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Youth Fighting the Stigma in Their Community and Neighborhoo

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Amy Gallaugher

on 27 March 2018

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Transcript of Youth Fighting the Stigma in Their Community and Neighborhoo

Youth Fighting the Stigma in Their Community and Neighborhoods

Connor Andrejas, Matthue Franson & Amy Gallaugher
AGENDA
THE THREE CITIES WITHIN TORONTO

References
Ainsworth, J. W. (2002). Why does it take a village? The mediation of neighbourhood effects on educational achievement. Social Forces, 81(1), 117-152.

Eizadirad, A. (2016). Is it “bad” kids or “bad” places? Where is all the violence originating from? Youth violence in the City of Toronto. Review of Education, Pedagogy, and Cultural Studies, 38(2), 162-188.

Hulchanski, J. D. (2010). The three cities within Toronto. Toronto: Cities Centre.

Discuss readings
Three Cities Article
Why does it take a village?
Is it “bad” kids or “bad” places?
Jane and Finch
Programs for Youth
Theoretical Framework
Kahootz Quiz

THE THREE CITIES WITHIN TORONTO
Toronto is sometimes described as a “city of neighbourhoods.”
CITY 1= Income 20% above
CITY 2= Income 20% above or bellow
CITY 3= Income 20% bellow
“Three Cities” model is approaching a “Two Cities” model, in which neighbourhoods are sharply divided between those in which average individual incomes have increased or decreased dramatically over the 1970 to 2025 period

IS IT "BAD" KIDS OR "BAD" PLACES?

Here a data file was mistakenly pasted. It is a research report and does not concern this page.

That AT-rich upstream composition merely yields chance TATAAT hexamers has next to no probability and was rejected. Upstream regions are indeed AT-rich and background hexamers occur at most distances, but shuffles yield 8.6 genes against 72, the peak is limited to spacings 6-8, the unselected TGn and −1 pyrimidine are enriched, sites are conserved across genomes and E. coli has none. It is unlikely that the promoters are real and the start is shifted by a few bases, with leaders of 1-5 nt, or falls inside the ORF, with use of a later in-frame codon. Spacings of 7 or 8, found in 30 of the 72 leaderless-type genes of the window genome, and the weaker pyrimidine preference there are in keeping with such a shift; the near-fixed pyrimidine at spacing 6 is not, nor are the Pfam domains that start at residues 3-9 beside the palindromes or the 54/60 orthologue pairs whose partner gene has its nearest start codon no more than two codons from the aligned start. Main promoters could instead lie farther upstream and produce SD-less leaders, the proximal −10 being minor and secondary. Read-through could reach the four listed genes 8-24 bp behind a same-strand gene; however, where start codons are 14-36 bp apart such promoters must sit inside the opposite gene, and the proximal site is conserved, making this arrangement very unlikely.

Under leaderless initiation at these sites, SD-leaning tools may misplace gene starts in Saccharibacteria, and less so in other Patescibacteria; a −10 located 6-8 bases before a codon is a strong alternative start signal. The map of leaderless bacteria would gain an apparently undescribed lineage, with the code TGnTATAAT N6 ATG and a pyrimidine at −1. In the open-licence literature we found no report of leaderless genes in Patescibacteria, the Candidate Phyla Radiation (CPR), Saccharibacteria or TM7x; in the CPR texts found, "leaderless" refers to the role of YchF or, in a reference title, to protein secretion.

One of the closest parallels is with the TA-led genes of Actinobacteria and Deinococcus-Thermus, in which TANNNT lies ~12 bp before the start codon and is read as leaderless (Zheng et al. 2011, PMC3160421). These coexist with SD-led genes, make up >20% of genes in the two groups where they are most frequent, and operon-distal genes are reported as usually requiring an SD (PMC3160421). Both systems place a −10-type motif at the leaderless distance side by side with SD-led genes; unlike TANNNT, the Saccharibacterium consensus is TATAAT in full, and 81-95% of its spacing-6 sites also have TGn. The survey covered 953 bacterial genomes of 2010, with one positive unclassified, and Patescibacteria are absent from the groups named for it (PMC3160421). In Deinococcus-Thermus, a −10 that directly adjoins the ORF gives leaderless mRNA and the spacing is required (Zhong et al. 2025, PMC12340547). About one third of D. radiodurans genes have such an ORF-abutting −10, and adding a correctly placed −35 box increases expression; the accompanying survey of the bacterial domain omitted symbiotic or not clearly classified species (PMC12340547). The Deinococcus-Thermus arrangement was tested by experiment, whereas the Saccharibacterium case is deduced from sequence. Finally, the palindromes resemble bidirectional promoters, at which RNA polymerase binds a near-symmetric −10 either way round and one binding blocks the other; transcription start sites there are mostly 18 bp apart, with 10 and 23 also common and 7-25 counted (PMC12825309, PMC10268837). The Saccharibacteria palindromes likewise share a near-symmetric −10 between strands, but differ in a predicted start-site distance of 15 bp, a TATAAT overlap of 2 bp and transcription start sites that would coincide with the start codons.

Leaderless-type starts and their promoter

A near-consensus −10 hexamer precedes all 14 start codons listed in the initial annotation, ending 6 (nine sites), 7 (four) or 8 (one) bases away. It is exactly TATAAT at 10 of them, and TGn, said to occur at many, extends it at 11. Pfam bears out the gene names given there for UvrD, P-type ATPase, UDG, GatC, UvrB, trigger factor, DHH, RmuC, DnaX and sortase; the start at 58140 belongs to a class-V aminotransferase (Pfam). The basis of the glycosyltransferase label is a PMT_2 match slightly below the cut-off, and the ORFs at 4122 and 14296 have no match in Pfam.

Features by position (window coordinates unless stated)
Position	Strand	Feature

Violence among youth often receives extensive media coverage

Media outlets attempt to explain where the violence is originating and who or what caused it

Selective information is used when the media is given minimal time to write a report

Case studies suggest that the media often resorts to using biased and distorted assumptions to fill in the blanks
JANE CREBA AND JORDAN MANNERS
The author discusses the cases of Jane Creba and Jordan Manners to demonstrate how the media constructs "meta-narratives" that perpetuate negative stereotypes of certain locations around the city of Toronto
JANE CREBA
According to this theory, people inhabit a world that is in large part socially constructed. In particular, the meaning of objects, events, and behaviors comes from the interpretation people give them, and interpretations vary from one group to another.
SOCIAL INTERACTIONISM

Herbert Mead
15 year-old white girl who was shot and killed by a stray bullet outside of the Eaton Center
This story received extensive media coverage
Creba was portrayed as a "well-liked" grade 10 student who attended Riverdale Collegiate